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Courtesy of Ithaca College

May 8, 2018

Love and Lust in a Burning Forest

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“There was a cabaret and there was a master of ceremonies and there was a city called Berlin in a country called Germany. It was the end of the world…” So writes Cliff Bradshaw, the starry-eyed American novelist whose search for love and adventure in 1930s Germany frames John Kander and Fred Ebbs’s Cabaret. In the haze of the Kit Kat Klub, a haven for stockings, lipstick, and high-heeled performers, Berlin is in full-view, beautiful in its celebration of self and doomed by the rising political waves that would ultimately engulf Europe.

Ithaca College’s production of Cabaret was an astounding success, executed with masterful design, orchestration, choreography and particularly amazing talent. Designed to bring the audience into the nightclub, with red “Ausgang” signs, dim lights and the orchestra dressed as a cabaret band, Clark Theatre brought the tantalizing Kit Kat Girls and Gals as close to the audience as possible. With as many can-can lines and lipstick smeared faces as one could hope for, the diverse ensemble dressed evocatively, sang and danced their way back in time to pre-WWII Germany The cabaret, as said by the Emcee, is a bunch of wild kids getting wilder and wilder waiting to be caught by the adults.

The story of Cabaret follows American novelist Cliff Bradshaw, Corey Kline ’18, as he looks to finish his novel in pre-WWII Berlin. His desire for adventure and a life worth living brings him to the Kit Kat Klub, where he meets the mesmerizing Emcee and falls in love with the “one and only” Sally Bowles (Sydney Parra ’18). This leading performer pair takes the love of drugged-up drama queen Bowles and a bisexual Cliff lost in lust and love to a new level of rawness. The actors portrayed Cliff and Sally’s deranged and jealous love beautifully, matching the setting around them: a city rotting away from hate, slowly being consumed by evil.

The April 26 production saw Will Thames ’18 (understudy) play the role of Emcee, commanding the stage and the audience’s attention as the production’s metaphoric Minelli.

In a role it seems only he could play, Thames brought an intoxicating spirit and was theater gold. A haunting, damned character for his time, the Emcee is the show’s venerable narrator, framing all its events, stalking the shadows as the production’s harbinger of debaucherous celebration and doom. It is worth noting that Thames’s performance indicates even more success for the role’s listed performer, Tuan Malinowski.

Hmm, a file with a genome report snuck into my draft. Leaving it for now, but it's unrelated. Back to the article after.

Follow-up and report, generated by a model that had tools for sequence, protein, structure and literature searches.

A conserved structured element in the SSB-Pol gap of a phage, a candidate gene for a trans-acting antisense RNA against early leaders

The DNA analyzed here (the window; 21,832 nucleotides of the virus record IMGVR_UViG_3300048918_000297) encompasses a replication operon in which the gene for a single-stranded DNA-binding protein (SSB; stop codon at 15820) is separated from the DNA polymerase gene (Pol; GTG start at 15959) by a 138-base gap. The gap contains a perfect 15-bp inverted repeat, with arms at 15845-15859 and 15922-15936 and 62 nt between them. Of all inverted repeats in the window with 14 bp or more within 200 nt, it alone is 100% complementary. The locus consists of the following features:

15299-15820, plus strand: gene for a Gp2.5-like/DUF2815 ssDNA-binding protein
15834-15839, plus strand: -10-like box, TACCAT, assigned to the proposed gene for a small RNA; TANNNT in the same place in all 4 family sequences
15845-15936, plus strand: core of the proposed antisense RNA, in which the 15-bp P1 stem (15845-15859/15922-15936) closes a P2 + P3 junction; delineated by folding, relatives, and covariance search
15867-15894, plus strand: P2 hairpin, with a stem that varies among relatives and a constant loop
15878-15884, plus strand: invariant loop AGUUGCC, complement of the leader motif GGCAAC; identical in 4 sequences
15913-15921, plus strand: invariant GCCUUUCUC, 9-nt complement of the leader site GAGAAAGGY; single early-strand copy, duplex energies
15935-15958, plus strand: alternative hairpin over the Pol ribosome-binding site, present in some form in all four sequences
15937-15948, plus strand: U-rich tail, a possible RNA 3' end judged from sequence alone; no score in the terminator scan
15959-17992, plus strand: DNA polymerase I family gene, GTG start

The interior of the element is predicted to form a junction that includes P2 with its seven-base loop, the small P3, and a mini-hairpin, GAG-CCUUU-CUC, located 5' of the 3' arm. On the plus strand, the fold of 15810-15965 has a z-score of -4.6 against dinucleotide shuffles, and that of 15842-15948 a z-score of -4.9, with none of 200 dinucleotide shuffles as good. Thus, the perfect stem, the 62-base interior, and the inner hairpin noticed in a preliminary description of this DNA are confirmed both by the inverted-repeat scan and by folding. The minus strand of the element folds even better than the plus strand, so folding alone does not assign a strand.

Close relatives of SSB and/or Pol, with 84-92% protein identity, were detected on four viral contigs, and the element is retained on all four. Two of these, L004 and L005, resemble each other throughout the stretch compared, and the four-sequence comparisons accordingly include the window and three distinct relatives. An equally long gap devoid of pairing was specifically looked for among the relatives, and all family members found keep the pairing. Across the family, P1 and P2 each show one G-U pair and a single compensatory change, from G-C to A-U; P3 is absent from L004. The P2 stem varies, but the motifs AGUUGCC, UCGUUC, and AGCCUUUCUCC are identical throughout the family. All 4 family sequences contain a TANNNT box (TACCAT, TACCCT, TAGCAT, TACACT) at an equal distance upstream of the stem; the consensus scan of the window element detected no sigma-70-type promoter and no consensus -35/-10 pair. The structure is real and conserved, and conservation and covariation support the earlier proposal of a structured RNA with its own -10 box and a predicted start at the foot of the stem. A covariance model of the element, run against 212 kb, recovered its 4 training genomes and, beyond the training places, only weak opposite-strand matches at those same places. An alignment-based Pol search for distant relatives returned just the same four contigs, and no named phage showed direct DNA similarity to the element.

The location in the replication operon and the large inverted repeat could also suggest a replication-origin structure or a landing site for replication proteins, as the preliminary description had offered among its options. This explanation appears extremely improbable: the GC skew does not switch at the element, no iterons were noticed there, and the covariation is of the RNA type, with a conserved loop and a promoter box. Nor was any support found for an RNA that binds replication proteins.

Among all the lipstick and fishnets, Cabaret’s most compelling romance is between the middle-aged boarding house owner Fraulein Schneider and her older suitor, the Jewish fruit vendor Herr Schulz. The tender and doomed love of the production’s most endearing characters is portrayed by the show’s standout pair, Mackey Sakamoto-Simmons ’18 as Schulz and Hannah Clarke Levine ’18 as Scheider. Sakamoto-Simmons and Clarke Levine had audiences equally laughing (especially to “A Pineapple,” a ballad in which Schulz gifts Schneider an exotic fruit and token of his love) as crying when the anti-Semitism of their time rips their love apart.

Despite what the Emcee exhorts, leaving one’s troubles outside is impossible for the Kit Kat Klub as Nazis rise to power in Berlin. The show begins with the androgynous, crossdressing emcee turning off the radio transmission of a Hitler address in the dancer’s dressing rooms. As the show’s narrative progresses, the clandestine rise of Nazism rears its ugly head in the form of Ernst Ludwig, the charming stranger who welcomes Cliff to Berlin and Fraulein Kost, the hooker-turned-Nazi.

It is impossible to divorce this performance of Cabaret from the events that frame its audience’s interpretation of the story. Following Ludwig and Kost’s number of Nazi-praise, the audience was hesitant to applaud. The audience knew that applauding even the performance of Nazism was unseemly. At times, audience members shuddered, as even the mocking of a Hitler salute called to mind the increasing number of hate crimes against minorities of race, religion, sexual orientation and other identities rise in America. Never before has a haunting representation of the rise of hatred been so relevant in the United States.

For those of the Kit Kat Klub, it was the end of the world. It was the end of the self-expression and free-living that the cabaret had come to symbolize. Amongst this beauty grew a flame of politicized hatred and mobilized evil. Like too many things in Germany and across Europe, the beauty of the Cabaret, all its vibrant individuals and its unrivaled energy would be enveloped in flames and become a ruin of a world once known. This story as performed by Ithaca College’s magnificent cast and crew ensured that the story of the Cabaret burned bright into the minds of the audience and reminded them just what stakes there are when expression, individuality and love are eclipsed by bigotry, hatred and pure evil.

“Cabaret” was directed by Catherine Weidner, Chair of the Department of Theatre Arts. The 1998 version, as performed by Ithaca College, which unlike earlier versions clearly indicates Cliff’s homosexuality or bisexuality, includes Sally’s numbers “Maybe This Time” and “Mein Herr” giving more depth and tragedy to the leading lady. It tells the story of the ill fated LBGT community in the Kit Kat Klub, and all others Nazis that will systematically persecute and destroy during their takeover of Germany and Europe in the 1930s and 1940s.

Henry Graney is a junior in the College of Industrial and Labor Relations. He can be reached at hg382@cornell.edu.